- Beeld
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The 15-year-old arrested for the murder of AWB leader Eugène Terre’Blanche has been in trouble with the law before.
The teenager’s uncle told Sowetan that his nephew was doing community service after he was arrested with his friends for a break-in at a biscuit factory two years ago.
The boy, who was brought up by his grandmother, stopped attending school at primary level.
The uncle described the teenager as a very quiet child. He started working for Terre’Blanche towards the end of last year.
“He was doing community service. Although he slept at Terre’Blanche’s property he came back on Saturdays to clean the police station as instructed by the court,” said the uncle who cannot be named to protect the minor’s identity.
The boy told his stepfather Terre’Blanche owed him and his alleged accomplice three months’ wages.
“The police brought him here very early in the morning and told us he has been arrested. He told me they had not been paid for three months and they wanted Terre’Blanche to pay them all their money as it was already the end of the month,” the stepfather said.
He too cannot be named to protect the minor’s identity.
“I was shocked when he said he was working for Terre’Blanche, but we could not do anything about it. However, I never saw the money he said he was allegedly earning,” his uncle said.
The teenager and a 28- year-old man were arrested after Terre’Blanche’s killing on his farm outside Ventersdorp. A knife and panga were used in the brutal murder.
“He is still a child. His future has been messed up by this arrest, I do not know what to do or say anymore,” the stepfather said.
The two will appear in the Ventersdorp court today.
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Confusion over AWB leadership
2010-04-08 10:23

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Gert Coetzee, Volksblad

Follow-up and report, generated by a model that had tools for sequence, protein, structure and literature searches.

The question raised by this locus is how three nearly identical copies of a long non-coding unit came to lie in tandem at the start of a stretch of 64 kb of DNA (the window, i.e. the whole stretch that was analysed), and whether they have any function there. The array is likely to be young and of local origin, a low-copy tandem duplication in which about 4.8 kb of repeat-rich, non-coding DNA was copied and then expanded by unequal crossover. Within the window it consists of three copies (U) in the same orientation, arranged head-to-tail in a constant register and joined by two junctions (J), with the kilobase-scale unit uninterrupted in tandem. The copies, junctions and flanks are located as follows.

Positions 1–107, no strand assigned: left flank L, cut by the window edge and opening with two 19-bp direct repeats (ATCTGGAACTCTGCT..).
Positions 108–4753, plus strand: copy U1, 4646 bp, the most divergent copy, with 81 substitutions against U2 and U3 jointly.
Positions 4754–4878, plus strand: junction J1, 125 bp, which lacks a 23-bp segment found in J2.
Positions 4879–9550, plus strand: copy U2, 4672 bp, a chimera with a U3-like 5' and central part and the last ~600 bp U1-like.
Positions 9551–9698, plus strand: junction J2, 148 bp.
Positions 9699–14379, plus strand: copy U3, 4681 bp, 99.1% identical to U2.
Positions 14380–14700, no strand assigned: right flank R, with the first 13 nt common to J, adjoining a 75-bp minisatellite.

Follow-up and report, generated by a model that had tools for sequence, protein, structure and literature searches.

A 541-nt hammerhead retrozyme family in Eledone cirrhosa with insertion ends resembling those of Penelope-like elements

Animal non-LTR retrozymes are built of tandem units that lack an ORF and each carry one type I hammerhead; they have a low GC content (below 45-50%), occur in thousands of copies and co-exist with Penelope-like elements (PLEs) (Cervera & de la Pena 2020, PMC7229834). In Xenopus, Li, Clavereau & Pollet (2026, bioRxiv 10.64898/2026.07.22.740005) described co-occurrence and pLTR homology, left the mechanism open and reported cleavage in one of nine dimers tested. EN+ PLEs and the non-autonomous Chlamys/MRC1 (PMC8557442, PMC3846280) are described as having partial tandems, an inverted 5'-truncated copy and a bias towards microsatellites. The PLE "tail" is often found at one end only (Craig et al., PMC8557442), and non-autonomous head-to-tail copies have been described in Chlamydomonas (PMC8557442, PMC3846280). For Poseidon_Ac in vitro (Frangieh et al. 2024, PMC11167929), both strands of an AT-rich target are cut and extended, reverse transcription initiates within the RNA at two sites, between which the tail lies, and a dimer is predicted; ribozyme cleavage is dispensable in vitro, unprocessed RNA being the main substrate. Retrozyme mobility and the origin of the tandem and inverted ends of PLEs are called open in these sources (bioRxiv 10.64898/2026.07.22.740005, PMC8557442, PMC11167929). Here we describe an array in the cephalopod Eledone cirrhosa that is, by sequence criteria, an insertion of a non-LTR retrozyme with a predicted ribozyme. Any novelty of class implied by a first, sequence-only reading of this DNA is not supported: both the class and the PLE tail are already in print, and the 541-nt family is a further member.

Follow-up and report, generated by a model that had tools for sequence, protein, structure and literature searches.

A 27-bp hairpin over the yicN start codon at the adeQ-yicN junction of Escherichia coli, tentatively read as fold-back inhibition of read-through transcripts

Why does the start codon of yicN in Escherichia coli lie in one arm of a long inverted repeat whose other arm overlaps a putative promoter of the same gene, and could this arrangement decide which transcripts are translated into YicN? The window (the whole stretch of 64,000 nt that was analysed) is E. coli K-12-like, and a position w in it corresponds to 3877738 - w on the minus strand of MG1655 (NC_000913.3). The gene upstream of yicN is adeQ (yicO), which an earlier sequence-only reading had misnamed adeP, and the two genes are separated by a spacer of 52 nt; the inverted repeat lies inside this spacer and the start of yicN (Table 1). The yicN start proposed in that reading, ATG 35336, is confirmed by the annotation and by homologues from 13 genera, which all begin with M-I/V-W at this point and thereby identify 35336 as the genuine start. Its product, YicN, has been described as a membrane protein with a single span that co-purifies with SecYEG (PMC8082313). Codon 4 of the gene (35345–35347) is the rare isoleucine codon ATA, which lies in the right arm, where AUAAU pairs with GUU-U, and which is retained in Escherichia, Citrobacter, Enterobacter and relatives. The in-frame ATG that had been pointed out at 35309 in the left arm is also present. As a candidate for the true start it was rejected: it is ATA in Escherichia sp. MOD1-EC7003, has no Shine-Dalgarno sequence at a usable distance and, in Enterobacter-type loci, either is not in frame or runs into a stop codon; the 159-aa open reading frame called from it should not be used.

Bloemfontein - There is currently great confusion regarding exactly who the new leader of the Afrikaner Weerstandsbeweging (AWB) is, complicated by the fact that various spokespeople for the organisation have been making contradictory statements.Steyn von Ronge told Die Burger on Wednesday that he has a written appointment by Eugene Terre'Blanche, dated March 12, stating that he is the new leader of the AWB.The secretary-general of the AWB, André Visagie from Kimberley, is not aware of Von Ronge's appointment.Von Ronge, a farmer from the eastern Free State, was introduced as the new leader of the AWB by Pieter Steyn during a news conference at the AWB headquarters in Ventersdorp on Tuesday.Appointment confirmedIn response to questions from the media at the news conference, the AWB's executive management confirmed Von Ronge's appointment, adding that it's a permanent appointment.Steyn has acted as AWB spokesperson in Ventersdorp since the murder of Terre'Blanche.Steyn also renounced an earlier claim by Visagie that the organisation would arm itself to avenge Terre'Blanche's death. Afterwards it was reported that Visagie said Steyn's statements are devoid of any truth.According to Visagie, Steyn is not a member of the AWB's executive council and does not speak on behalf of the AWB.Von Ronge said on Wednesday that Visagie, who used to be the spokesperson for the AWB, is a "self-appointed leader". Von Ronge was also surprised that Visagie represented the AWB in a TV interview with Freek Robinson on Tuesday.When asked about possible in-fighting, Von Ronge said the AWB does not want to air its dirty laundry in the media, since the focus should rather be on "the cause".ResolutionInstead they will take internal steps to resolve the problems (surrounding the leadership). Von Ronge also said he will release a statement on Friday regarding the resolution of the situation.Visagie said on Wednesday that the AWB executive council had a meeting on Sunday night, during which he, Von Ronge and Johan Potgieter, from Ventersdorp, were appointed as acting leaders or as a "managing committee".Visagie is not aware of the later meeting where Von Ronge was appointed as leader. "Let's just say he's the interim leader. We will choose a new leader at the national conference of the AWB on May 1."Visagie also pointed out that, in the TV interview, Robinson was speaking to him in his capacity as secretary-general.
- Volksblad